Language and thought: How are they related?
Title of the course:
Language and Thought, how are they related?
What is the relationship between language and thought? Is human cognition meaningfully affected by experience with one language versus another? What might human cognition be like in the absence of language entirely? We will begin by reviewing some of the classic formulations of the so-called “Whorfian” question and consider how to ask the question in a sensible way (“the logical problem”). We will then review some basic facts about how linguistic experiences differ from nonlinguistic experiences and the relevance of linguistic diversity (“the empirical problem”). Next, we will review of some of the experimental approaches researchers have used to investigate the relationships between language and “nonlinguistic” cognition. We will end by taking stock: What do we know? What do we not know? What kinds of data—both descriptive and experimental—would help turn our state of ignorance into knowledge?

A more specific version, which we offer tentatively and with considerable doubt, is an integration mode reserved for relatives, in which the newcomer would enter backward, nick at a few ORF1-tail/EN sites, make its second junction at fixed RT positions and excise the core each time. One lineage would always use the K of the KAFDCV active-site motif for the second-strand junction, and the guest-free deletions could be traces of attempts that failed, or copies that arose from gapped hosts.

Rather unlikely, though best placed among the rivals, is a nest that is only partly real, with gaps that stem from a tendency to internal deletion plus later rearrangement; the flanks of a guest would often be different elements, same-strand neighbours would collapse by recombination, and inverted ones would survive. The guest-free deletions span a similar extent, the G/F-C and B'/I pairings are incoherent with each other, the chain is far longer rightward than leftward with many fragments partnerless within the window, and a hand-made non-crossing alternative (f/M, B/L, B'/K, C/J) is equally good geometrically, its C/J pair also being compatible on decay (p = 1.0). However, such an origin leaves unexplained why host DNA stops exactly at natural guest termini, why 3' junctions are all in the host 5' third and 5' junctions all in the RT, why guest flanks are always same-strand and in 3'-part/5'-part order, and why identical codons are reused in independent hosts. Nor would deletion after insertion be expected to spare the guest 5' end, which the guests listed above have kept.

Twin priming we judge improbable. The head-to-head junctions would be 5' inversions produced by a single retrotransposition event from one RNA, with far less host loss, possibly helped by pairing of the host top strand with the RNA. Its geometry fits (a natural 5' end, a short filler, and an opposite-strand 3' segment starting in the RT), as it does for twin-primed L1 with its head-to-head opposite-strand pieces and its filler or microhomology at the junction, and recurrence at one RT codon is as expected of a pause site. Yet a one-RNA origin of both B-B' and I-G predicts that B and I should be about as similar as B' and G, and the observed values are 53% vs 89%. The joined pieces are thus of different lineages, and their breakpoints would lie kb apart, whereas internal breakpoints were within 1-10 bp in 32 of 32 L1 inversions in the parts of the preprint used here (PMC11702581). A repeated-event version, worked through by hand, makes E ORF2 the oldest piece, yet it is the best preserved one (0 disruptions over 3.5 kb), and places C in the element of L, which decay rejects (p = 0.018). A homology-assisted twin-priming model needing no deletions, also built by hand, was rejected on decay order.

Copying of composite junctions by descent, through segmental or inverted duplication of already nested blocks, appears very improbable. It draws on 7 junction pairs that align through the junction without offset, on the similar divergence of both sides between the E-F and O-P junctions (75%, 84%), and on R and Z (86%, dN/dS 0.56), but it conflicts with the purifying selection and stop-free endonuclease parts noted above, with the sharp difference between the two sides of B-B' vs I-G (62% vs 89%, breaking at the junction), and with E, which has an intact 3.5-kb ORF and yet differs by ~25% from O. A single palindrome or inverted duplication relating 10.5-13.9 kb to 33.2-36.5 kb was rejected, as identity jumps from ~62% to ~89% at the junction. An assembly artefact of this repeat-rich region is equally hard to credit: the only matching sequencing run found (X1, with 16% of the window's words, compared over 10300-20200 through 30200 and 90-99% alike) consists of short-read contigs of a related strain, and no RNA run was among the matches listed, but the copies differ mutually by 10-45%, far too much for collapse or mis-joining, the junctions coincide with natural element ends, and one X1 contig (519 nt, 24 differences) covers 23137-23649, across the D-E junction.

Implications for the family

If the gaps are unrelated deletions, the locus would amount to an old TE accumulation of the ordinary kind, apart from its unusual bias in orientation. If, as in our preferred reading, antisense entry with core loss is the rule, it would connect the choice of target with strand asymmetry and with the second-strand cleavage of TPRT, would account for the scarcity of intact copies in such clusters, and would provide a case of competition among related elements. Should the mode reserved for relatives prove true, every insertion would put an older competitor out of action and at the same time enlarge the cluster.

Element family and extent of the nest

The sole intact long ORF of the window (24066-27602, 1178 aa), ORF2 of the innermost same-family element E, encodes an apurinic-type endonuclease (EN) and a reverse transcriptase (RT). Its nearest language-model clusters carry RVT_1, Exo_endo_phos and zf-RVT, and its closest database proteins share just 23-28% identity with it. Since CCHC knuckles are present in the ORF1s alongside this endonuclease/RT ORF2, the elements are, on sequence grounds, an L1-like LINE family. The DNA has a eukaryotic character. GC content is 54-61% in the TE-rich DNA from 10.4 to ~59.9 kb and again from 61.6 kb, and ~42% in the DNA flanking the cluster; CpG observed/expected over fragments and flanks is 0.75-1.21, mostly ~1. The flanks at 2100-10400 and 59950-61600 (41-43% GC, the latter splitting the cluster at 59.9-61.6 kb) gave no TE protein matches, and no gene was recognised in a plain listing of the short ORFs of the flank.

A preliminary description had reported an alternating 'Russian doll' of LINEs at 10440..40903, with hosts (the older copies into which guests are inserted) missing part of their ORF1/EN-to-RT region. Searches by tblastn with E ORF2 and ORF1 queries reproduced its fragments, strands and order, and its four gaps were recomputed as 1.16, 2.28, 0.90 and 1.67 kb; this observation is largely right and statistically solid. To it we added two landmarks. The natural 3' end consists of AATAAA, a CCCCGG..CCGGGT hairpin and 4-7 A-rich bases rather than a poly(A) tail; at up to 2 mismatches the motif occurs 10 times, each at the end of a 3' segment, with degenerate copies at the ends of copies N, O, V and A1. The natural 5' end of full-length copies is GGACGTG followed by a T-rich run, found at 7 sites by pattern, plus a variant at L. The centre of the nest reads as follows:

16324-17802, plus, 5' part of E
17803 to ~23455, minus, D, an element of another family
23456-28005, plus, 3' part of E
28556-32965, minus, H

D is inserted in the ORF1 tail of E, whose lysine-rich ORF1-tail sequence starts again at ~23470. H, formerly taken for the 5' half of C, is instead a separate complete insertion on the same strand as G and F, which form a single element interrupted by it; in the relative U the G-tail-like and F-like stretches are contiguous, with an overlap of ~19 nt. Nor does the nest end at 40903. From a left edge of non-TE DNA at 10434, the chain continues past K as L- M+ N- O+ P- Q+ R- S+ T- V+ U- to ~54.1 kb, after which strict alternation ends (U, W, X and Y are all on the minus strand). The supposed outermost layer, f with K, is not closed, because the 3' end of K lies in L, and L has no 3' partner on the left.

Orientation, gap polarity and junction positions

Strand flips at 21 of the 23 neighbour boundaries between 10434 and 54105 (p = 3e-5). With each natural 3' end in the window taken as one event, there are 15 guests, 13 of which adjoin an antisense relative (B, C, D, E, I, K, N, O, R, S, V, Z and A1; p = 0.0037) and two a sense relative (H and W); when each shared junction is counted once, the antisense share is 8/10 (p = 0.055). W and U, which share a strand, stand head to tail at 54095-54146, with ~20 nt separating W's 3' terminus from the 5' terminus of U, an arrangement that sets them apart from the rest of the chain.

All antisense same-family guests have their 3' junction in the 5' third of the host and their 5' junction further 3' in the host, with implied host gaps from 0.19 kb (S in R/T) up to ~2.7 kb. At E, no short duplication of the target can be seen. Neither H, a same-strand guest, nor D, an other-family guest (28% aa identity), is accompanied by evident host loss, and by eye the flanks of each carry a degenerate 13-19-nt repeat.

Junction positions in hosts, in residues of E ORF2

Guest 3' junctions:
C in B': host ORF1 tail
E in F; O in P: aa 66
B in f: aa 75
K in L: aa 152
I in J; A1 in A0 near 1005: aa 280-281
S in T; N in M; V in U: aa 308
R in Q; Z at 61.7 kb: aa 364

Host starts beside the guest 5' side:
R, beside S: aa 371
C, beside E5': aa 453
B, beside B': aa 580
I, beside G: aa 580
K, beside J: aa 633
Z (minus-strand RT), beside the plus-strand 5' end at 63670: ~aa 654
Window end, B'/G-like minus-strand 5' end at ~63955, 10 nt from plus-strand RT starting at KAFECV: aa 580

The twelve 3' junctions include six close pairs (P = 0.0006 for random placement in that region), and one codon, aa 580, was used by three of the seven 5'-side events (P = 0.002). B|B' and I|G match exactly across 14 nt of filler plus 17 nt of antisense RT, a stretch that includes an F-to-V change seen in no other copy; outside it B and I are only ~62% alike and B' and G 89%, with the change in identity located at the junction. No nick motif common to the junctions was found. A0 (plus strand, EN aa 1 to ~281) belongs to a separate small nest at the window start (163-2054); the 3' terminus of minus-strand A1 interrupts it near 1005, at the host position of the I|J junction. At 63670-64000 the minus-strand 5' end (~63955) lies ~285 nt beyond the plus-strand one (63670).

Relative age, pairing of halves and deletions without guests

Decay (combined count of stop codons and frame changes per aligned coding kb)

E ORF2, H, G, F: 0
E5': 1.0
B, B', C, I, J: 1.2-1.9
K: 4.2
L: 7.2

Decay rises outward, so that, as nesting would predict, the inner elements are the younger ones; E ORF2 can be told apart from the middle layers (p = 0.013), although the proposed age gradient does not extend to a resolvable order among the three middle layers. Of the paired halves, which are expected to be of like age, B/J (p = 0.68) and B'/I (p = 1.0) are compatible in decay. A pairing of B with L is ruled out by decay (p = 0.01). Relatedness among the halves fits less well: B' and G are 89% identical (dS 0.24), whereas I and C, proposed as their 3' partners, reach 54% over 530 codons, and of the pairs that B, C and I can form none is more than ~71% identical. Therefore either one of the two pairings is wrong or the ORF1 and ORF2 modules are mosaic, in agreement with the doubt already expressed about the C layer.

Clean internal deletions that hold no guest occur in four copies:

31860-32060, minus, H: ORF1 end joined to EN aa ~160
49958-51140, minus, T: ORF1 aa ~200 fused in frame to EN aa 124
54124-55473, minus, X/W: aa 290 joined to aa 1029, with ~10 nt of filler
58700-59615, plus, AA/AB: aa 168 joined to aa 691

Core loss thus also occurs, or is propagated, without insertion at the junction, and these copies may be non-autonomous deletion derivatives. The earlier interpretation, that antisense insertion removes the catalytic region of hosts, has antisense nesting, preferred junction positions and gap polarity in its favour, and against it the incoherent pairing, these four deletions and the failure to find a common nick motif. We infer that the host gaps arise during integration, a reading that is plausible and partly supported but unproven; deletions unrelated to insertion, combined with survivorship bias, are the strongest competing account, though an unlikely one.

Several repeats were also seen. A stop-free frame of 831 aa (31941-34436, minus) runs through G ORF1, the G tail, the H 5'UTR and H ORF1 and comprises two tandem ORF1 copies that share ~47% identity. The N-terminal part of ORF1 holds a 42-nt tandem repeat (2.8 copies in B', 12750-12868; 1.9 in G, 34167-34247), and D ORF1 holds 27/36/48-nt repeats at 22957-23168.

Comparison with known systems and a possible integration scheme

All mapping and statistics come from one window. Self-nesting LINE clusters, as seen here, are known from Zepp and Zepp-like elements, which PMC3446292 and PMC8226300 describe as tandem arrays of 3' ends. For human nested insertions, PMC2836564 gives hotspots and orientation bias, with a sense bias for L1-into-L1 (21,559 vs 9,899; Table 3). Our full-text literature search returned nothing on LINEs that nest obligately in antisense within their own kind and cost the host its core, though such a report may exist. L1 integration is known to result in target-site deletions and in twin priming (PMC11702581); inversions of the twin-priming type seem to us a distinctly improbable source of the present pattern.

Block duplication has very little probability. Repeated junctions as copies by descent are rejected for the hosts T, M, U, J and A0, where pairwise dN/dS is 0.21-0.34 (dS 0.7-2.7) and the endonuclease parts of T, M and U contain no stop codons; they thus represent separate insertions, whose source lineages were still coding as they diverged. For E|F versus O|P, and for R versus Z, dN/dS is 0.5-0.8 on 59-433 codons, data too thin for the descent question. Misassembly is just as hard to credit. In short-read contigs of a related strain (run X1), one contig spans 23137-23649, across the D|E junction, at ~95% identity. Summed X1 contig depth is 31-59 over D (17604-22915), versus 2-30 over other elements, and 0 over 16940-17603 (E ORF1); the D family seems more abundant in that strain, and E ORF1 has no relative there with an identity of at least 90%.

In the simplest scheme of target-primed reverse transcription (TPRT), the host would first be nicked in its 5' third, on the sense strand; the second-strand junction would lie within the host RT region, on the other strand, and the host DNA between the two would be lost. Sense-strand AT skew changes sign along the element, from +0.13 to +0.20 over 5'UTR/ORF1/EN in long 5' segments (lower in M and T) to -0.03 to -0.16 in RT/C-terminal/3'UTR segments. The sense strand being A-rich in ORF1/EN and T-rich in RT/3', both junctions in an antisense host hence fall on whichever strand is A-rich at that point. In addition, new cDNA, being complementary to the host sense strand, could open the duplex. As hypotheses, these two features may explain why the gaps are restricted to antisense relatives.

Monday: What is at stake? The logical problem. Let’s get the issues straight!
Tuesday: Language diversity in grammar and vocabulary. The empirical problem. Turning the Sapir-Whorf Hypothesis into a scientific hypothesis. The empirical problem. What aspects of language should matter, why, and when?
Wednesday: The isolates of experience: categorization, nameability, and translation.
Thursday: Language experience in action: the case of color, number, and space.
Friday: Moving forward: how to proceed? The empirical and logical problems revisited.